* Loaf standing at the edge of her crib this morning calling, "Mama," over and over again until I went in.

Where was all this warm-my-heart sweetness when it was 10 degrees?


Monday, February 19, 2007

Tree-hugging nerd

Ever since we moved to our house in March 2001, I’ve kept a bird feeder. It wasn’t really my idea – it was there, hanging in the weeping cherry tree right outside the huge picture windows in out breakfast nook when we moved in.

The previous owners had filled it with birdseed the morning of our closing and as I stood in the kitchen on our first day stripping that God-awful ivy themed wallpaper from the walls a myriad of beautiful, colorful birds came and went throughout the afternoon. More than once I stood in the window transfixed. I was hooked. As soon as the food in the feeder ran low, I went out and bought our own bag of birdseed and I’ve diligently filled the feeder each day since.

Not long after buying the seed, I bought my first field guide. There were so many birds visiting the feeder each day and I could only name a few varieties without help. The day it arrived I eagerly tore open the package and rushed to the kitchen window and it didn’t take long for me to learn the names of the species that visited the feeder: White-Breasted Nuthatch. Tufted Titmouse. Purple Finch. Rusty-Capped Sparrow. Downy Woodpecker.

The nerd tendencies took control and soon I was keeping a running list in the front of the book of each new species I saw. Yellow-Shafted Flicker. Eastern Bluebird. Red-Bellied Woodpecker. Mourning Dove.

So in early February when I received an e-mail informing me of the Great Backyard Bird Count I instantly signed up. For the past four days I’ve stood at that window for 15 minutes a day counting birds. (My banner day was Sunday when I counted 54 birds from 12 different species).

I know, I know. Why add another thing to my always-too-long to-do list?

Well, for one, the count helps answer many questions including:
* How will this winter's snow and cold temperatures influence bird populations?
* How are bird diseases, such as West Nile virus, affecting birds in different regions?
* What kinds of differences in bird diversity are apparent in cities versus suburban, rural, and natural areas?
* Are any birds undergoing worrisome declines that point to the need for conservation attention?

And, it was cool in a nerdy kind of way. Loaf sat on my lap pointing and saying “brrr” and “tweet twee,” while Peanut stood nearby happily exclaiming, “Look at all those birds, Mommy! Can I go catch one and put it in my room?”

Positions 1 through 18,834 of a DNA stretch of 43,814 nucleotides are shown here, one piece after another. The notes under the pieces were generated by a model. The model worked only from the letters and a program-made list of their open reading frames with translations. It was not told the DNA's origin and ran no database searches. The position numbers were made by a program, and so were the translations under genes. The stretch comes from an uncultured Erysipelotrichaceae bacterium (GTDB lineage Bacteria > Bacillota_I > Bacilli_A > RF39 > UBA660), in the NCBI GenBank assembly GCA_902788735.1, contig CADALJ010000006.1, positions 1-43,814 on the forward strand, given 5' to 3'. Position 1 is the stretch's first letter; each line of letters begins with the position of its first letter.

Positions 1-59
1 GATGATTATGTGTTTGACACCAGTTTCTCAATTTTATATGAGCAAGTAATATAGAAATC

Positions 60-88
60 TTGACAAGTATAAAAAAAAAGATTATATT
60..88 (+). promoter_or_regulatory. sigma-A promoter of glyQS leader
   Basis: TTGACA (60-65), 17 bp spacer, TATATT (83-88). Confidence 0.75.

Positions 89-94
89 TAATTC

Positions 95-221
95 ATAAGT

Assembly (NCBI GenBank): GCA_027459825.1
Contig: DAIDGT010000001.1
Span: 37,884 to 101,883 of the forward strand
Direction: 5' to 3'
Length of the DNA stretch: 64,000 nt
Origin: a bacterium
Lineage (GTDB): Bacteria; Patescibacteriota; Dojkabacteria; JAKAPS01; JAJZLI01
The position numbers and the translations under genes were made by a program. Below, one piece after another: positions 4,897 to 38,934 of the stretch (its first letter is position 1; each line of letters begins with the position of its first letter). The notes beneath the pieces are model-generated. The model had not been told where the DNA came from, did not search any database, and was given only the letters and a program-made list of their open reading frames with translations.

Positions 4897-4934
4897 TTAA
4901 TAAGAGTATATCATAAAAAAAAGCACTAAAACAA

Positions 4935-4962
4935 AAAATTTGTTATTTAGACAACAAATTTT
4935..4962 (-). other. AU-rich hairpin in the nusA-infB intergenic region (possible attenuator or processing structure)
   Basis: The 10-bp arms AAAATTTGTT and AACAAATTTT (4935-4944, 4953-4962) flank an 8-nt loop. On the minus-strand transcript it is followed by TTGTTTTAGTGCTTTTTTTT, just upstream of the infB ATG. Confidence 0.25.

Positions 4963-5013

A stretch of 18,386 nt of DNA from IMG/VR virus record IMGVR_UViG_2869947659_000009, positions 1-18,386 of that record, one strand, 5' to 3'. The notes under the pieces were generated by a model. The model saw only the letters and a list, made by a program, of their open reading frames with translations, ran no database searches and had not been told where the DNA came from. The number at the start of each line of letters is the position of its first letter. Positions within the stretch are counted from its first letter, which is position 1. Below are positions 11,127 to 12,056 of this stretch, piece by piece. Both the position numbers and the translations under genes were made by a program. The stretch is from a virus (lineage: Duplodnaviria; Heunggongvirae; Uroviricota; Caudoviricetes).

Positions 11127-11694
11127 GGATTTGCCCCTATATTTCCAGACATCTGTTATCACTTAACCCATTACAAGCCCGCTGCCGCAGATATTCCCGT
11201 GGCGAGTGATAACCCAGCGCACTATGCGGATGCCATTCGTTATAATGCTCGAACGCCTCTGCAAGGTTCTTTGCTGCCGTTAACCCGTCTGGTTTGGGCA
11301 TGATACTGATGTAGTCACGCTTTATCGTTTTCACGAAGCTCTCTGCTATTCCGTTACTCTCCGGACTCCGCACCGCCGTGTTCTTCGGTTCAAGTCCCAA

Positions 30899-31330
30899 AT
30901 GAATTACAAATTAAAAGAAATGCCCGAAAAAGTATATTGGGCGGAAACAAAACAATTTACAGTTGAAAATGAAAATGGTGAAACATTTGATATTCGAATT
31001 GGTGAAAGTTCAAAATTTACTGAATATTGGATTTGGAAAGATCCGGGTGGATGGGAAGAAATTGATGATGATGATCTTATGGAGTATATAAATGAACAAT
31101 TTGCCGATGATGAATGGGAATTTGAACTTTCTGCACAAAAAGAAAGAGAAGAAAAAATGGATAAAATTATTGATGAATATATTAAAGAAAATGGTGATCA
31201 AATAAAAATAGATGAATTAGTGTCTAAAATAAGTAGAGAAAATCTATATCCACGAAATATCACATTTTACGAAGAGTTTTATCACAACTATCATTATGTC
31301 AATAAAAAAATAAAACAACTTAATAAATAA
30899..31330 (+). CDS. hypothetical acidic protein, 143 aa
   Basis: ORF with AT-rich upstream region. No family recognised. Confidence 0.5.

Conservation and environmental causes are important to Mark and me and we hope our children grow up to feel the same way. Probably the most important way to get them interested is by exhibiting good behavior ourselves. I hope the past four days were a start.

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Friday, February 16, 2007

My (recent) life in pictures

I've been sick all week. Loaf's been sick all week. We haven't left the house or done much and I really didn't think anyone wanted to hear me whine about life with snot, so I haven't written lately.

I am happy to say we survived the great Nor'easter of '07. My town got a whomping 3.5 inches of snow and while I know other areas really got pounded, the panic and consternation that this storm prompted here in NJ was cause of great amusement on my part. I made the HUGE mistake of running to Whole Foods for a bowl of soup on Tuesday only to find swarms of people tossing gallons of milk and loaves of bread into their carts as if they anticipated being trapped in their homes for weeks on end. Ridiculous.

Here are a few recent pictures of life in the Gav household, including the kids attempting to sled in a mostly flat yard with only a wee bit of snow.

Have you ever seen A Christmas Story? Loaf was like the boy's brother who was bundled up to the point where his limbs were utterly useless. She waddled around the yard like a gingerbread man.


Mark getting ready to push them down our "hill."


Excuse my husband's ass. The "through the legs push" seemed to give them the most distance.


There she goes!


Here she is after her run. She was having fun, but this was toward the end of our outing and I think she was starting to get cold.


And now it's Peanut's turn. She loved it!


Last Thursday was picture day at Peanut's school. Our digital camera is sucking-ass lately, so I'm sorry this is so grainy. Despite the poor quality, she still looks pretty cute.


And last night the girls had a kitchen camp-out while I made dinner. They pulled the sleeping back into the kitchen and sprawled out on the floor with some books. Oh to be a kid again!



Looking back at these I realize that even "life with snot" can be pretty cool with these two around. :-)

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Thursday, February 08, 2007

Another reason to wash your vegetables before you eat them

We all know that we are supposed to wash our fruits and vegetables before eating them. Besides hopefully ridding them of all types of little unseen nasties, you also cleanse them of leftover pesticides, fertilizers and just plain 'ole dirt. All good reasons, right?

Well, today I learned one more.